HometownGal
08-23-2009, 09:28 AM
I'm suuure we would have been playing in XL if Tommy would have been our QB. :wink02:

Whelp - we got very close to playing in the AFCC in 2002 with Tommy as our QB. Had it not been for Nedney's Academy Award winning performance, we would have been there and who knows? :noidea:

As far as Ben winning rings. Well, in the first Superbowl he played worse than Ryan Leaf and almost lost us the game and in the last season he could barely muster any offense up all season until the final drive in the Superbowl.

Did you watch the same Superbowls I watched? :jawdrop: In XL, Ben didn't have the best day throwing the football, but he made plays with his legs (as Ben does so well), including a 1 yard TD run. In XLIII, Ben completed 21 of 30 passes for 256 yards and made a pinpoint accurate pass to Santo in multiple coverage for their final TD which won the championship!!! While I agree that last season up until the playoffs, Ben didn't have an outstanding season statistically (there's that word again) - he made quite a few outstanding plays despite having one of the worst OL's in the NFL in front of him.

fansince'76
08-23-2009, 09:31 AM
If you are going to make an argument based on statistics then i'll say that Rivers has a higher career QB rating, a better TD to INT ratio, the same completion percentage, gets sacked wayyy less, and a career AVG of 7.5 - .4 lower than Ben.

....and 2 fewer rings with an arguably more talented supporting cast around him, particularly on offense.

Rotorhead
08-23-2009, 09:45 AM
Another thought . . . imagine what Peyton would have done at the helm of that team! If Rivers were on any other team, he would have subpar stats, I contend his stats are a result of his surrounding talent rather than his talent!

Gnutella
08-23-2009, 09:47 AM
If you are going to make an argument based on statistics then i'll say that Rivers has a higher career QB rating, a better TD to INT ratio, the same completion percentage, gets sacked wayyy less, and a career AVG of 7.5 - .4 lower than Ben.

Career post-season passer rating

Philip Rivers: 79.9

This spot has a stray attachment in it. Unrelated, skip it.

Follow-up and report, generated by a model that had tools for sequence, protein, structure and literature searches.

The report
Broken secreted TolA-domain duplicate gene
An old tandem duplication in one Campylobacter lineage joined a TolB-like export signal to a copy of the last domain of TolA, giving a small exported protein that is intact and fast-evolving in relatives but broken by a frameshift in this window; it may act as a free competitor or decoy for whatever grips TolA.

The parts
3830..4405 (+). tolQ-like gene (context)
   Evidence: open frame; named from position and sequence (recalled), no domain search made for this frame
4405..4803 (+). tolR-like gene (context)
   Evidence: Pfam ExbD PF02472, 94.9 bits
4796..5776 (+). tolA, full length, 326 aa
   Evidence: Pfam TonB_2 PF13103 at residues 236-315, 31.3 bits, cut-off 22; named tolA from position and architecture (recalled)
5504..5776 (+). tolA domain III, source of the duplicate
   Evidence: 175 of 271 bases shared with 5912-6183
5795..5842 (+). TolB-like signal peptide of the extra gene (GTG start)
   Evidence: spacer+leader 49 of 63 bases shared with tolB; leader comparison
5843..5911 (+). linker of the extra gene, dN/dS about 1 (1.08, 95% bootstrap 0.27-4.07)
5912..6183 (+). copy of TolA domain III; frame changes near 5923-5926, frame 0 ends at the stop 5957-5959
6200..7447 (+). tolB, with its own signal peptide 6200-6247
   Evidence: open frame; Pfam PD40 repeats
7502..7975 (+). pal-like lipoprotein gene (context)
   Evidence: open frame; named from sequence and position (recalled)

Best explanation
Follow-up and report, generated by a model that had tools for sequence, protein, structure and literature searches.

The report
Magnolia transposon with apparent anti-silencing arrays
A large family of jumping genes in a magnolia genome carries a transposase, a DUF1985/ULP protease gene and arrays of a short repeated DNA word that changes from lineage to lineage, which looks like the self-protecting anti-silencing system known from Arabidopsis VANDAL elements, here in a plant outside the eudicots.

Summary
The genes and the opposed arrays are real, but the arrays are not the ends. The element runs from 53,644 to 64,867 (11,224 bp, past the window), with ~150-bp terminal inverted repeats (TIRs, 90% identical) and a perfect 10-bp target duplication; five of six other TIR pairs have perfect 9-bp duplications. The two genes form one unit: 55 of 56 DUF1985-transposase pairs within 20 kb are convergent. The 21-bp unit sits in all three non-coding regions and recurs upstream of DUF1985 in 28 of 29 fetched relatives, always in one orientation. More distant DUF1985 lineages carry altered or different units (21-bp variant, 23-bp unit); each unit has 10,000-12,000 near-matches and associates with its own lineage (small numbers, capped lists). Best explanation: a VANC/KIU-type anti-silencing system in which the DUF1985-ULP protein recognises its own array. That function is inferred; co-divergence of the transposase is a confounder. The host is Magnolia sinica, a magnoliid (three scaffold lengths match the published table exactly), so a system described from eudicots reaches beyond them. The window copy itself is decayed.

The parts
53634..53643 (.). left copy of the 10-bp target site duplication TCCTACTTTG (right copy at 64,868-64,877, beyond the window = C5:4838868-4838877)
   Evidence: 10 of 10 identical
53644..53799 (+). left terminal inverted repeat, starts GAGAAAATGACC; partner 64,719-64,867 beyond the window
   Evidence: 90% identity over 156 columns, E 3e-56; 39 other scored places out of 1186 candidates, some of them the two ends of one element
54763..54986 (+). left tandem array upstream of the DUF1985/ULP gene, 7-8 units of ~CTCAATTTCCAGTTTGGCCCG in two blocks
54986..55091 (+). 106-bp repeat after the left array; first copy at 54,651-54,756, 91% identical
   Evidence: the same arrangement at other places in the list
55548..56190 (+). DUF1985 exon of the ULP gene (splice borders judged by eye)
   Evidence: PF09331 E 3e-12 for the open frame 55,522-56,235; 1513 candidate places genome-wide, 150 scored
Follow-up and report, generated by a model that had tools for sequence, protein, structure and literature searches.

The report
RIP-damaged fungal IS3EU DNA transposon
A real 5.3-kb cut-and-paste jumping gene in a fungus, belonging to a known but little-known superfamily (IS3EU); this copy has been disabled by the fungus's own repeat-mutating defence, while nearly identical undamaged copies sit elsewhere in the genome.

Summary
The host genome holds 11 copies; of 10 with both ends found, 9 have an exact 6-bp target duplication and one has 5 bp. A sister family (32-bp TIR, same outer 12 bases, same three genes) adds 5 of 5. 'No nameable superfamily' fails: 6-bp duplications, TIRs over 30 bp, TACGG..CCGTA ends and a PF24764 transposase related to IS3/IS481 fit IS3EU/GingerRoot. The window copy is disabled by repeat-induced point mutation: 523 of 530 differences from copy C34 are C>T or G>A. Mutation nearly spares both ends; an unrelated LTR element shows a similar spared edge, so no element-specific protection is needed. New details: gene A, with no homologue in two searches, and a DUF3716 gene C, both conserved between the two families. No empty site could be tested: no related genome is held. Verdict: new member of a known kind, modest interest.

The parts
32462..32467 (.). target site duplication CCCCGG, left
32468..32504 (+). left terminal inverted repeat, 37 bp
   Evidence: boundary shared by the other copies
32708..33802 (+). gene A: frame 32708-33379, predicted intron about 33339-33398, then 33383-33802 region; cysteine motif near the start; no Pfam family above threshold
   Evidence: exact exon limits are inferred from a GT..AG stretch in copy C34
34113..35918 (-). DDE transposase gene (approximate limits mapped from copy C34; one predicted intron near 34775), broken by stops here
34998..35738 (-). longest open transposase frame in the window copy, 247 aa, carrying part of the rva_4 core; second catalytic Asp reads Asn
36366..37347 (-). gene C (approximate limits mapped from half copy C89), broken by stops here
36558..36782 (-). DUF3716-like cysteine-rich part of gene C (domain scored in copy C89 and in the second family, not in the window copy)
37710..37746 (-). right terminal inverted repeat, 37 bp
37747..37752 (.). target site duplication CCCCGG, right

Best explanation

Ben Roethlisberger: 87.2

Give me the QB who plays better in big games.

For the record, the combined post-season passer ratings of Neil O'Donnell, Mike Tomczak, Kordell Stewart and Tommy Maddox is 69.6. (O'Donnell's in particular is 72.7.) I guess any ol' QB can win with a good defense and a good running game. :uhh:

sharkweek
08-23-2009, 12:22 PM
More fuel to the fire - Ben has posted three perfect passer rating performances in his still very young career, a feat equaled only by Peyton Manning.

#1 Big Ben Fan
08-23-2009, 02:54 PM
Career post-season passer rating

Philip Rivers: 79.9
Ben Roethlisberger: 87.2

Give me the QB who plays better in big games.

For the record, the combined post-season passer ratings of Neil O'Donnell, Mike Tomczak, Kordell Stewart and Tommy Maddox is 69.6. (O'Donnell's in particular is 72.7.) I guess any ol' QB can win with a good defense and a good running game. :uhh:

Thanks for posting the career post-season rating for both QB's. Ben still has an 87.2 and that is even with his 22 rating in Super Bowl XL.:sofunny: Ben was due for a bad game throwing the ball and just happened to be the Super Bowl when it happened. It seems some people forget that Ben played great in the three play-off games leading up to the Super Bowl that year. Especially the AFC title game when Ben was 21/29 with 275 yards, 2 TD's with no INTs, plus a rushing TD against the Broncos.